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C. Matthew Hawkins

On November 14th, 2007 then Senator Barack Obama met with Google employees to explain his vision of how to make government more accountable to ordinary people. In re-framing a question from one of Google’s employees Obama said, “It’s the classic question of how you get insiders to fix the system that they benefit from – and that’s hard.” Then the former community organizer and future president identified one of the most important elements of community organizing, “The key to any reform,” he said, “is to get the … people to pay attention.” He continued, “That’s why transparency is so important in this entire process. The more the … people know, the more the government [can] be held accountable.”

He added that the public generally has “generosity of spirit” and common sense, but that these assets have gone untapped because the public is too busy to get accurate information. “If you give [the public] good information,” he said, “their instincts are good and they’ll make good decisions.” The president’s recent announcement of the new rules from the Department of Housing and Urban Development (HUD) will require cities and towns across the United States to analyze racial bias in their housing patterns and publicly report the results every three to five years. Cities will also be required to set goals, which will be tracked over time, for how they will reduce patterns of segregation. After 45 years this is an attempt to finally put some muscle behind the 1968 Fair Housing Act.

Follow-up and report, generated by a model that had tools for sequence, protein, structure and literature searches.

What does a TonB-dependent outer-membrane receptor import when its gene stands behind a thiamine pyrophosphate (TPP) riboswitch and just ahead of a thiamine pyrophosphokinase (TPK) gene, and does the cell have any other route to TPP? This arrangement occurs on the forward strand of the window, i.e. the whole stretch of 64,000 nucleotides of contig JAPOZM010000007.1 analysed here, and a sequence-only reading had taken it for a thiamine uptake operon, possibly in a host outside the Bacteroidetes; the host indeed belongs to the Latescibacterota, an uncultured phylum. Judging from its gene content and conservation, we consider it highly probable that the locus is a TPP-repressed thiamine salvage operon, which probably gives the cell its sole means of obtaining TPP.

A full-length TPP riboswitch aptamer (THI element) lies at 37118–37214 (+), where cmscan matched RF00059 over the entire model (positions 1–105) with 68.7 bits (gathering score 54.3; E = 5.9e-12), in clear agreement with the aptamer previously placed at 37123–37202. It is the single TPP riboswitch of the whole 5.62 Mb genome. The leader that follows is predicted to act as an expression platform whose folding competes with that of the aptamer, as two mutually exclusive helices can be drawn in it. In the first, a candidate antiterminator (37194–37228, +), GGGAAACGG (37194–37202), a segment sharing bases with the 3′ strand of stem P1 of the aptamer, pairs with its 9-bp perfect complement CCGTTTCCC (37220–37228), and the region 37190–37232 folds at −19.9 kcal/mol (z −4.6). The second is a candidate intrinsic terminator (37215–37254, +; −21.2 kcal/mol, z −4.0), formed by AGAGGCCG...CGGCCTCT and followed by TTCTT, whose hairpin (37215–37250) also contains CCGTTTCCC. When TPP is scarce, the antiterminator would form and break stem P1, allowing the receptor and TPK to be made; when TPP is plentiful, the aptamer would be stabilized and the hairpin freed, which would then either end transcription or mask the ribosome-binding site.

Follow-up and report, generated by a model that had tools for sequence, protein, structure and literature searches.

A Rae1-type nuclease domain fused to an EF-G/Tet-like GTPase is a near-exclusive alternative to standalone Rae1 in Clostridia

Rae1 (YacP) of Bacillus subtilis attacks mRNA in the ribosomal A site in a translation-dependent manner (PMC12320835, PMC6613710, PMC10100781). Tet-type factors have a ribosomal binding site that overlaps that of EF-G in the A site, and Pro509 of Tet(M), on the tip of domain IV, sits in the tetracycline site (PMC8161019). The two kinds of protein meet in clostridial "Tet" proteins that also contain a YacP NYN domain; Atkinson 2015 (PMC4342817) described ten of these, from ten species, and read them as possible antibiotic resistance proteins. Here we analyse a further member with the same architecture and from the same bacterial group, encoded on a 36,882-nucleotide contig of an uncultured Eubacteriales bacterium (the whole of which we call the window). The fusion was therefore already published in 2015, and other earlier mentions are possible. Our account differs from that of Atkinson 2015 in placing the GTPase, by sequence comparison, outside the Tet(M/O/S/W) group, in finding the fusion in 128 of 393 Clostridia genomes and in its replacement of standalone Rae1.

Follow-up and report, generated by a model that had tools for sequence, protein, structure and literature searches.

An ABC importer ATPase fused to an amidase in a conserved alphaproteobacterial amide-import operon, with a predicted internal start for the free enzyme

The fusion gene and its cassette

In announcing these changes, the president gave an example of how the program will work. His example sounded a lot like his description of the workings of grassroots empowerment seven and a half years earlier. The president said, “We’re using data on housing and neighborhood conditions to help cities identify the areas that need the most help”… adding that data would be open to the general public so that “everyone in a community — not just elected officials –— can weigh in. If you want a bus stop added near your home, or more affordable housing nearby, now you’ll have the data you need to make your case.”

As community-oriented stakeholders, such as faith-based institutions and community-based organizations, attempt to stabilize city neighborhoods with a mixed racial and ethnic demographic and socio-economic diversity the new rules from HUD could prove to be a powerful tool in the hands of skilled community organizers. Too often creative visions for the future of the city’s neighborhoods either never ripen or die on the vine due to lack of access to good, actionable information for neighborhood planning and lack of local government incentive to live up to the promise of the Fair Housing Act. In a subtle but meaningful way, these new rules from HUD could be a game-changer.

Matthew Hawkins was the Associate Director for Homewood Brushton Revitalization and Development Corporation and taught in the University of Pittsburgh School of Social Work. He is currently a seminarian studying theology for the Pittsburgh Catholic Diocese.

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